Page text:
In order to use the continuation file, it is necessary to enter two keywords in the steering file:

  • The keyword COMPUTATION CONTINUED must have the value YES.
  • The keyword PREVIOUS COMPUTATION FILE must provide the name ofthe file that will supply the initial state.

N.B.: the mesh for which the results are computed must be exactly the same as the one to be used in continuing the computation.

If necessary, the keyword PREVIOUS COMPUTATION FILE FORMAT can be used to select a specific format. For example, in order to increase the accuracy of the initial state, it is possible to use double precision Serafin format. Obviously, this configuration is possible only if the previous computation was correctly configured in terms of results file format.

When continuing a computation, it is necessary to specify the value of the start time of the second computation. By default, the initial time of the second computation is equal to the value of the last time step stored in the previous computation file. This can be modified using the keyword INITIAL TIME SET TO ZERO if the user wants to reset the time value (possibly with respect to a basic value set in the preceding calculation. See section 5).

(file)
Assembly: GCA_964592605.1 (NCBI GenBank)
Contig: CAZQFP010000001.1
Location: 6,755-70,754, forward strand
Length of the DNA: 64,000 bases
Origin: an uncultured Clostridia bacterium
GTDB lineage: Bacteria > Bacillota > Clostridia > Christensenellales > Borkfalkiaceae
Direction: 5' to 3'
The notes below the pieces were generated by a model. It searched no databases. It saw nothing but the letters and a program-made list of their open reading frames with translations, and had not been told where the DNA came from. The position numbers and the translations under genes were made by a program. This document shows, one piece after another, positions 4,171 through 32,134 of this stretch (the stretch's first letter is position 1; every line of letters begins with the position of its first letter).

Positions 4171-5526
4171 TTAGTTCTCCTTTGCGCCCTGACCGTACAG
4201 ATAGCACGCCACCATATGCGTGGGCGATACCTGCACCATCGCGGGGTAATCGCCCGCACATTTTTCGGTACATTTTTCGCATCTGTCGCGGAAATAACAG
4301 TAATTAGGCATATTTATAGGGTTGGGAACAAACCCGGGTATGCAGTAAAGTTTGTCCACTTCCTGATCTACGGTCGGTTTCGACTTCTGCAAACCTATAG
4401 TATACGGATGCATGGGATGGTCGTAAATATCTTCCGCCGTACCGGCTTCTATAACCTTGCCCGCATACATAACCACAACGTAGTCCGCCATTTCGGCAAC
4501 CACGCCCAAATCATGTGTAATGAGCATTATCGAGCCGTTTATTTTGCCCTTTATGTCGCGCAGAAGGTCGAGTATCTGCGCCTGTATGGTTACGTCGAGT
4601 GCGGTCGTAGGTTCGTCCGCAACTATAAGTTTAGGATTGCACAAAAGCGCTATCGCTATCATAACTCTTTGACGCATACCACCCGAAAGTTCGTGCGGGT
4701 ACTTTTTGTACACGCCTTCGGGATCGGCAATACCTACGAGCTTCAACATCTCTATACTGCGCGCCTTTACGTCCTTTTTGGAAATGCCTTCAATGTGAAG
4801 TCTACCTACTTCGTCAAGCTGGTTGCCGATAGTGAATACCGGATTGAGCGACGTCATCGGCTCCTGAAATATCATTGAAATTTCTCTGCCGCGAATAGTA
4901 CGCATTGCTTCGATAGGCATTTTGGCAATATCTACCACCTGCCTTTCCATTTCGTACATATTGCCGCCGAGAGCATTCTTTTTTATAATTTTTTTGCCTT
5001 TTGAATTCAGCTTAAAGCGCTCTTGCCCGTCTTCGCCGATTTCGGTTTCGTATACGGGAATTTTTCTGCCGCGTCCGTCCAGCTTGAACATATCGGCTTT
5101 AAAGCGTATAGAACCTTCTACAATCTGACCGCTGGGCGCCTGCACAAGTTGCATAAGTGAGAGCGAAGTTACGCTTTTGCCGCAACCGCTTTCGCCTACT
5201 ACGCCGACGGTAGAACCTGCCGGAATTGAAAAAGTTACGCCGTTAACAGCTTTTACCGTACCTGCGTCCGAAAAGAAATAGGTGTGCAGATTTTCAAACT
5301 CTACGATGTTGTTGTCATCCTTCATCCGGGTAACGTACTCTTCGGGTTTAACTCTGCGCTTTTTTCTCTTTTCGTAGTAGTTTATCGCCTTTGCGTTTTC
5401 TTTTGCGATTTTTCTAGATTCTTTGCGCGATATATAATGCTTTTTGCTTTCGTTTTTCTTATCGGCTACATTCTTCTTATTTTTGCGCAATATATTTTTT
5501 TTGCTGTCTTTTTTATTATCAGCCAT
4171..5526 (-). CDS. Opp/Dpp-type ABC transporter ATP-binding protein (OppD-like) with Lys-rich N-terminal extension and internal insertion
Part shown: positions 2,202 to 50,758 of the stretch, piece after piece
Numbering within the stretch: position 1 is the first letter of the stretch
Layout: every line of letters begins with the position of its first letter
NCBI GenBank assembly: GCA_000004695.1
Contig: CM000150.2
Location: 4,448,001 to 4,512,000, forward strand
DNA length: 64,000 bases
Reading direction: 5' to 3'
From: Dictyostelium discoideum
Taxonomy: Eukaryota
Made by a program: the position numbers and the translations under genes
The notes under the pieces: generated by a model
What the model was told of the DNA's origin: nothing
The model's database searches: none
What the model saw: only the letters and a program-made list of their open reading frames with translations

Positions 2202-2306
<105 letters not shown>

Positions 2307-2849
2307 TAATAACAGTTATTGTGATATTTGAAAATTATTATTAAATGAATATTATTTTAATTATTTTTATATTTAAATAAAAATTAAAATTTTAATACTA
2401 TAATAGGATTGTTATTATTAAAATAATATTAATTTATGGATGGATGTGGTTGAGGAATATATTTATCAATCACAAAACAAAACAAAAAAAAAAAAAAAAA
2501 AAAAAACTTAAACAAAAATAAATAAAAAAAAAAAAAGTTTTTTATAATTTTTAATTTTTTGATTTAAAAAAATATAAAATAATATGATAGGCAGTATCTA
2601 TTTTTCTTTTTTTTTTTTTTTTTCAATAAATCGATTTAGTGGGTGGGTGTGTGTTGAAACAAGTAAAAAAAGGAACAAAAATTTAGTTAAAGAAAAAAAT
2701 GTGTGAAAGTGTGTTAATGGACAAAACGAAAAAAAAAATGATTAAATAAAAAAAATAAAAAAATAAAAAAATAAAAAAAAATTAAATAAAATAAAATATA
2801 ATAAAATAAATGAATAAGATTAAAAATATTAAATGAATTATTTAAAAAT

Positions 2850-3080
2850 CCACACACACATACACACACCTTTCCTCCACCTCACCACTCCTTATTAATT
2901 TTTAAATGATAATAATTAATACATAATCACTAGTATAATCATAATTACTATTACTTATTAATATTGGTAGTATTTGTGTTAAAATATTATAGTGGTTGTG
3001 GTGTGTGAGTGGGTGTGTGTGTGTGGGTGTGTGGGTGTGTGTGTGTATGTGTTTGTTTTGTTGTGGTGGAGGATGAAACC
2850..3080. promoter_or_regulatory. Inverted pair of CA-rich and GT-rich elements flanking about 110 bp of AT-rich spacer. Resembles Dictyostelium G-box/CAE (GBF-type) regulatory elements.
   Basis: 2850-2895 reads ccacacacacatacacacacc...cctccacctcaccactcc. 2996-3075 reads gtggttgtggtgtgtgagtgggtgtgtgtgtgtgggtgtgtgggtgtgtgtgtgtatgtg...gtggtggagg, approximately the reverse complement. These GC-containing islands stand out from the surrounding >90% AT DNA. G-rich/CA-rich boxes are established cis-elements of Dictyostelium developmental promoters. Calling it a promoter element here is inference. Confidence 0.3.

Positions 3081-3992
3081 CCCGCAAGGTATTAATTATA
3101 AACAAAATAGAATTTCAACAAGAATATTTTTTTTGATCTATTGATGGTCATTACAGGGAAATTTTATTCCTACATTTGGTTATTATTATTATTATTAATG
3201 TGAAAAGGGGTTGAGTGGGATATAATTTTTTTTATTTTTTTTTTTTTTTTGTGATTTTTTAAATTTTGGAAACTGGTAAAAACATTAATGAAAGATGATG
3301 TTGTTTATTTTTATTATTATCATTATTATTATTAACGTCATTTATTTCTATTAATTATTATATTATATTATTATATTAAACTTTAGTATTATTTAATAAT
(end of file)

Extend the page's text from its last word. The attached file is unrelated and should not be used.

At the beginning of a simulation, the launcher creates a temporary directory where all input files are copied. This is also the case for the previous computation file which can be quite huge. In this situation and to avoid copying too large a file, it is recommended to extract the last time step (the only one used by TELEMAC-2D) using the LastSela utility provided inside the TELEMAC distribution. Note that this utility works only with single precision Serafin files (default configuration).

Prescribing boundary conditions

Possible choices